From the get-go, the Pepper Hamilton findings of fact refuted this misconception by pointing to “broader University failings” and by expressly stating that there were “institutional failures at every level of Baylor’s administration.” More recently, this misconception was refuted by Baylor’s first full-time Title IX coordinator, Peggy Crawford, who stated that football was “only a small component” of Baylor’s problem and who affirmed that Baylor’s failure was manifest at the highest levels, including the board of regents. Crawford also filed a formal complaint against Baylor, claiming that the university’s senior leadership had retaliated against her for trying to do her job of addressing sexual assault allegations. Finally, the regents themselves effectively negated this misconception when they informed the Wall Street Journal that “football players were involved in 10.4 percent of the Title IX-reported incidents during the four-year period ending in 2014-15.” A recent Dallas Morning News editorial asked the obvious question: “What about all the other sexual assault reports?”
Certainly, Baylor did indeed throw “all manner of decency to the wind” in favor of building its football program. That is clear from the three pages that Pepper Hamilton devoted to findings about failures in Baylor’s athletic program. But from the other ten pages of findings, it is also clear that the problem at Baylor is about a whole lot more than the sexual violence of some student athletes.
It is about university officials who became inured to violence against women. It is about university officials who essentially thumbed their noses at federal laws designed for the protection of women. It is about university officials who allowed themselves to become complicit in violence and in the betrayal of young women charged to their care. It is about the abysmal failure of university officials to be forthright in their handling of problems. It is about university officials who not only “contributed to or accommodated a hostile environment,” but who also directly discouraged” sexual assault complainants from reporting.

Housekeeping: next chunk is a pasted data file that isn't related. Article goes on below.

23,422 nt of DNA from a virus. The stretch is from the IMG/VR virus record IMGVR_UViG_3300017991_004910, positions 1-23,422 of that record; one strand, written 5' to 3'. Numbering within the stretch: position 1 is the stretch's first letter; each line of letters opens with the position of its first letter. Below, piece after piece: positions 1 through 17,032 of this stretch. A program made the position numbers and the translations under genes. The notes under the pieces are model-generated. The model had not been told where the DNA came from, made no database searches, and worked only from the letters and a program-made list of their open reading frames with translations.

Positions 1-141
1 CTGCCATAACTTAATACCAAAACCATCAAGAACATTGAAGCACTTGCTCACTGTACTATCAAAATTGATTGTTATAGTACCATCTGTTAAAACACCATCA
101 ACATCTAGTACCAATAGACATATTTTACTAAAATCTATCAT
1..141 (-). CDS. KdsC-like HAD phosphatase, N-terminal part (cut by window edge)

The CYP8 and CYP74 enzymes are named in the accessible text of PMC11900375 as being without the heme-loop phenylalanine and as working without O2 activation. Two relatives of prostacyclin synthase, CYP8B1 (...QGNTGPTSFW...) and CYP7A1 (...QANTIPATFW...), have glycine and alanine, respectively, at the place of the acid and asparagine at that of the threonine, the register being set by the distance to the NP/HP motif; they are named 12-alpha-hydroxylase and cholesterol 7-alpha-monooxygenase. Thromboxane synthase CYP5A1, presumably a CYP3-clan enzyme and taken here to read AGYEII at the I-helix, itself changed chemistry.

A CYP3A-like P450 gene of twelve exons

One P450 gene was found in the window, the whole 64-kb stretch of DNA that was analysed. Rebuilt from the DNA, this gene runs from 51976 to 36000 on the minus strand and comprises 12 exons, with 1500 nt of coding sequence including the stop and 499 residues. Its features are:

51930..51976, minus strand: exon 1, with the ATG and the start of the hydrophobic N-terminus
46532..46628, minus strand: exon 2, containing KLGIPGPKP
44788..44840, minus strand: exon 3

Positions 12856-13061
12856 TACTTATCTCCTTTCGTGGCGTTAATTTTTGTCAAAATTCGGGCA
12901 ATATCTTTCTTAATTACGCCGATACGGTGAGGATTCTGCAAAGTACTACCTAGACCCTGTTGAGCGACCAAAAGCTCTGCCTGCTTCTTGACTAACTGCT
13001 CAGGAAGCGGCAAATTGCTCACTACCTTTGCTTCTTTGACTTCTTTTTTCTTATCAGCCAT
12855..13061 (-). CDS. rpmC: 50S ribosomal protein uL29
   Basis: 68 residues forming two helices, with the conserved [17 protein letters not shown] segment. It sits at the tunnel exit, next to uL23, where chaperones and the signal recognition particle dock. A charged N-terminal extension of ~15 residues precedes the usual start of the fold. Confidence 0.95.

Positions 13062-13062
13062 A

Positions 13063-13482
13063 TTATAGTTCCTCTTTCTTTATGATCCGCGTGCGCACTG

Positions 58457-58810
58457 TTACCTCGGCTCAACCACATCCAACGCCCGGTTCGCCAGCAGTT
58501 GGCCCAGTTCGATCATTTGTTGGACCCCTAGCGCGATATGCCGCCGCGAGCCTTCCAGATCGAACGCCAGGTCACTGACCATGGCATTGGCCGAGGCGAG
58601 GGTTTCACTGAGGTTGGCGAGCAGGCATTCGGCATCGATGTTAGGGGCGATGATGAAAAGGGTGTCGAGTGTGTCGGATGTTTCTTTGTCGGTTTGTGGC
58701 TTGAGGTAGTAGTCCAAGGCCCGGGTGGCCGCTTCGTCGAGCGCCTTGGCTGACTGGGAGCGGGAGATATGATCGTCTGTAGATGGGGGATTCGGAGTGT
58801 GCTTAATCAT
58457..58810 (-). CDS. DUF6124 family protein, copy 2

Federal law, civil lawsuits and the media are prodding change, not Baptist values.
Within mere days after the Pepper Hamilton report was released, many Baptist bloggers and commentators were immediately singing the praises of Baylor’s regents for rising to their Baptist heritage and restoring Baptist values. This too-fast optimism not only belied the entrenched depth of the institutional problem, but it also misplaced priorities in envisaging a solution. Rather than beating the drum for “Baptist values,” Baylor would do far better to focus on the values that underlie federal laws for the protection of women and to ensure Baylor’s compliance with both the letter and the spirit of those laws.
After all, Baylor has not been brought to accountability by virtue of any oversight exercised by Baptists. No. Despite Baylor’s strong affiliation with the Baptist General Convention of Texas (which elects 25 percent of the Baylor board of regents), we are not learning the truth about this horrific scandal from within the world of Baptists, but rather, from without it.
This is why I am so thankful for the continuing media coverage of this scandal. I have seen no reason to believe that Baylor’s regents are truly committed to the hard road of institutional change; rather, it is the discomfort of the media’s spotlight, the processes of our civil justice system, and the obligations of federal law that will ultimately prod Baylor into creating a campus where young women who report sexual assault will be treated with dignity and decency. That day is long overdue.  
Sexual violence is pervasive and pernicious, and all sorts of institutions have failed miserably in dealing with it. Baylor has that in common with the rest of the world. But as a Baptist institution, Baylor has some additional challenges. It is “commonplace in Baptist life to dismiss women’s voices,” and this aspect of Baptists’ heritage tends to work against their ability to hear women who allege sexual assault. Moreover, in Baptistland in general, we have seen massive resistance to institutionally addressing sexual violence in churches, particularly when the violence is committed by Baptist clergy. This too is an aspect of Baptist culture that works against Baylor.
It is as though the masses in Baptistland hold some unspoken belief that this just doesn’t happen in their world. Indeed, this was one of the findings of fact in the Pepper Hamilton report: Baylor’s failures occurred in “the context of a broader culture and belief by many administrators that sexual violence ‘doesn’t happen here.’” Thus, the Baylorite belief that Baptist values make them somehow special is not necessarily a belief that forms part of the solution; to the contrary, it is more likely to be part of the problem.